Manupelli's empathy was observed at a 1970's party to design the AAFF program graphics as George sang Marlene Dietrich's Falling In Love Again. We will analyze what AAFF director Woody Sempliner learned from George when they stood behind the screen at the Michigan Theater and saw the projected screen from behind as a form of "second sight" http://en.wikipedia.org/wiki/Second_sight
George was fond of the questions that appear in Gaugin's painting: "Where do we come from? What are we? Where are we going?" Let us celebrate Manupelli's vision that continues to inspire the exploration of new questions and the mysteries of art. Let's reinvent George's axiom: "The things you think you can do are the things you can do the best of all."
Includes excerpts from a video of the comprehensive George Manupelli interview by Fialka (2010, 90 minutes), and many phone interviews between 2001 to 2013. They delve deep into George's background, ideas and the creative process.
140 - Will There Ever Be Silence? Probe the hidden psyche effects of sound and image relationships as examined in Gerry Fialka's article in Canyon Cinemazine - http://laughtears.com/willthereeverbesilence.html and http://www.cinemazine.net/silence/
141 - NSA - "NEVER SAY ANYTHING" - MetaData, Big Data & Hypermedia As Experimental Film - Gerry Fialka interconnects experimental filmmaker-teacher Ernie Gehr and his student, Lauren Poitras. Delve deep into her Ed Snowden film Citizenfour and its impact. Fialka probes the hidden psyche effects of the decentralized, personal and liberating electronic technologies that transcend time and space. Examine content and form. Ponder the motives and consequences of experimental films, political documentaries, accountability and whistle-blowing. Explore the dynamics of individual responsibilities and collective will.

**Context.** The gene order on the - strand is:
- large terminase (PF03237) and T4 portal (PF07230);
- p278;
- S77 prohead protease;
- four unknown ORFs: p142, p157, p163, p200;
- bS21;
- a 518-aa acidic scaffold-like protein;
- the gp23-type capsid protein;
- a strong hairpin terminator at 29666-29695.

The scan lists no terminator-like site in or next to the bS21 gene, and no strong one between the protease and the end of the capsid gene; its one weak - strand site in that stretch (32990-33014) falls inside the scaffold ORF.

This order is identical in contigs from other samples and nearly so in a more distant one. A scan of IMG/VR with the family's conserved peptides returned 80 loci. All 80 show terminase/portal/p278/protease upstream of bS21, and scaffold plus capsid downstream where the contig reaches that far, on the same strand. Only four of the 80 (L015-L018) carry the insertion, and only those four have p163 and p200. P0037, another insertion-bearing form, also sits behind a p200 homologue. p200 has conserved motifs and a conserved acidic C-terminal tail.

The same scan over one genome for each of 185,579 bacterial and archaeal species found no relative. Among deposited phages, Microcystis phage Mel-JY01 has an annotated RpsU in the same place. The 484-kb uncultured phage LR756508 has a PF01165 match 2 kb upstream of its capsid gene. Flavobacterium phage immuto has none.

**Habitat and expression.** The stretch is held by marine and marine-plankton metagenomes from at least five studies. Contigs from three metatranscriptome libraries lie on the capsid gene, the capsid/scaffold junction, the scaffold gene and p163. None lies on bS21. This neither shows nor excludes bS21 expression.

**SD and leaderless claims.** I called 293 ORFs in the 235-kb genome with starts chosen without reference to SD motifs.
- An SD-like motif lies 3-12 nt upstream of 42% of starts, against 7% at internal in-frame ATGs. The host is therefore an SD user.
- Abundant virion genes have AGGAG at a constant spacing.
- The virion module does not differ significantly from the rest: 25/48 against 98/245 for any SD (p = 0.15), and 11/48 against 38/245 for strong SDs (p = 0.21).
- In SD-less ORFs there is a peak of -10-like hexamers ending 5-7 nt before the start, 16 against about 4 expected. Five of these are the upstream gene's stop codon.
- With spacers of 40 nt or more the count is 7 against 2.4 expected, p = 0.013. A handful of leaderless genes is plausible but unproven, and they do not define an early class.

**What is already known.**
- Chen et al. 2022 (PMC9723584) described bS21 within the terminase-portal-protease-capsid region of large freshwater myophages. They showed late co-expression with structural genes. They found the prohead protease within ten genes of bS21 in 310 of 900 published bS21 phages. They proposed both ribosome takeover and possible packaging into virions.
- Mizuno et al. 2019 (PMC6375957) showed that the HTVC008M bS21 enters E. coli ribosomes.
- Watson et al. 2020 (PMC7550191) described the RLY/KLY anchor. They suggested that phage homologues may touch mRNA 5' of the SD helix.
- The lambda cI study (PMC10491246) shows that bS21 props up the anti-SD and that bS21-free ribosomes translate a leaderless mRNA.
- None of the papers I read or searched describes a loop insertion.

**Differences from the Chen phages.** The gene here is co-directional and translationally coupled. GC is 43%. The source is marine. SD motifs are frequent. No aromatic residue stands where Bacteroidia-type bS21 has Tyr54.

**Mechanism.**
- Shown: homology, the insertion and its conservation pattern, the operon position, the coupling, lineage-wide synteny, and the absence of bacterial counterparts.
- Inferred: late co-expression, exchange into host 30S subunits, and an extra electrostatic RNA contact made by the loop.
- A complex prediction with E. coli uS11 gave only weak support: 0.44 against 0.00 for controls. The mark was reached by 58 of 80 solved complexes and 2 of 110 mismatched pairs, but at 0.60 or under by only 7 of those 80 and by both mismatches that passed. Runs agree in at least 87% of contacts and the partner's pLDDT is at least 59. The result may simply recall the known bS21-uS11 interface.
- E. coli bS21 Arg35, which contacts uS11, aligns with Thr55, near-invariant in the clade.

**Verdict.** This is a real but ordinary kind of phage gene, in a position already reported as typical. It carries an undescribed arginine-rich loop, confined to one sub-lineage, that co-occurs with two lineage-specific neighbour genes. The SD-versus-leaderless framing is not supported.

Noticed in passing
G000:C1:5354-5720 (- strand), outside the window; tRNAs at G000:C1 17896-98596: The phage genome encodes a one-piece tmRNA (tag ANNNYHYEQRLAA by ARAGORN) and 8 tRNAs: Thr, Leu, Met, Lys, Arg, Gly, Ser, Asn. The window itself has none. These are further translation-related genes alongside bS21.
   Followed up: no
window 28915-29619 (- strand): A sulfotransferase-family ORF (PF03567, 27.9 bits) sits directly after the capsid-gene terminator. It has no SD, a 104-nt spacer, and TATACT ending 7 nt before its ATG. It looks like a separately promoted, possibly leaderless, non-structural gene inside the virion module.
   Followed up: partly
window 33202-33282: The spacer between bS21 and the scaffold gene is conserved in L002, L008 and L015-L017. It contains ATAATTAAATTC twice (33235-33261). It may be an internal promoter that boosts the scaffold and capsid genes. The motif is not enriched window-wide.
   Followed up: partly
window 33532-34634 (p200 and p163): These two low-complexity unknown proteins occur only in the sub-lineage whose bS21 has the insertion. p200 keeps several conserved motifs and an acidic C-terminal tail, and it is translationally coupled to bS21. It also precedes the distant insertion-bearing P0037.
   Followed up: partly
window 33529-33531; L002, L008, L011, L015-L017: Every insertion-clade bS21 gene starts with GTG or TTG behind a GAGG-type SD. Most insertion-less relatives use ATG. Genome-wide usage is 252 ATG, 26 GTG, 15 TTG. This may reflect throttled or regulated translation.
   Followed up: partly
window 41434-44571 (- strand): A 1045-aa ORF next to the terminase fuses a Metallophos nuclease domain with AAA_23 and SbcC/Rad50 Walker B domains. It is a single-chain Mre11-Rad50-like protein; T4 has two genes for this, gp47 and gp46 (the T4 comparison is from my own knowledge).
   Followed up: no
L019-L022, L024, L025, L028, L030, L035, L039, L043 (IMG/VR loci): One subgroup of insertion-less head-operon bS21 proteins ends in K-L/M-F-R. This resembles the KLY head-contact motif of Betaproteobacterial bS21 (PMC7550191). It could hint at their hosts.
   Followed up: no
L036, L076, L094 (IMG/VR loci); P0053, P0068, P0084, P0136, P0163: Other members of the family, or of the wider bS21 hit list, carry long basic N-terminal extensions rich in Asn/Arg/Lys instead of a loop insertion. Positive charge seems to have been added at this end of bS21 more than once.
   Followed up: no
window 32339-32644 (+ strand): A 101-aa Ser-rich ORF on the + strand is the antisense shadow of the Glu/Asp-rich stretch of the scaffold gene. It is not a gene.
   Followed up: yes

Robert Dobbs updated Warhol: "In the future, everyone will have privacy for 15 minutes." "Only puny secrets need protection. The big ones are protected by public incredulity." - McLuhan."The elected and electorate have become the rule and the ruled." - Snowden.
142 - AAFF As Place - Much like Carl Andre's maxim "sculpture as place," Gery Fialka probes the very environment and people of Ann Arbor, and their relationships in nurturing experimental filmmaking and community. He will explore the AAFF as a character. In the film Boyhood, time is a character. In McLuhan's first book The Mechanical Bride, he posits the ads and comics as characters in a new form of science fiction. Room 237 interviewee Juli Kearns says the window of the Overlook Hotel's office in Kubrick's The Shining is “a character in itself." Filmmaker Julianna Brannum says "archival footage is a character" in her documentary Indian 101: LaDonna Harris. Fialka explores the person on the street, their opinions on the Festival and the films. Retool McLuhan's percept: "May I suggest art in the electronic age is not a form of self-expression, but a kind of research and probing. It is not a private need of expression that motivates the artist, but the need of involvement in the total audience. This is humanism in reverse, art in the electric age is the experience, not of the individual, but of a collectivity." The AAFF community of filmmakers and viewers are social engineers of perpetual motion machinery who have musicalized a symphony of cinema, needling somnambulism and actualizing the "abnihilization of the etym" (James Joyce's words for making something out of nothing). The AAFF is a way of seeing the paradoxical exuberance of being through community.
143 - The Documentary As Subversive Ethnographic Art - Gerry Fialka probes the illusion of privacy and documenting life via SEL (Harvard's Sensory Ethnography Lab), TMZ, Vice, Joshua Oppenheimer, Lauren Poitras and more. Delve deep into the differences between cinema verite and direct cinema. Examine Gregory Bateson's "observer effect." Ponder the notions of "looking at" metamedia and "looking through" metamedia.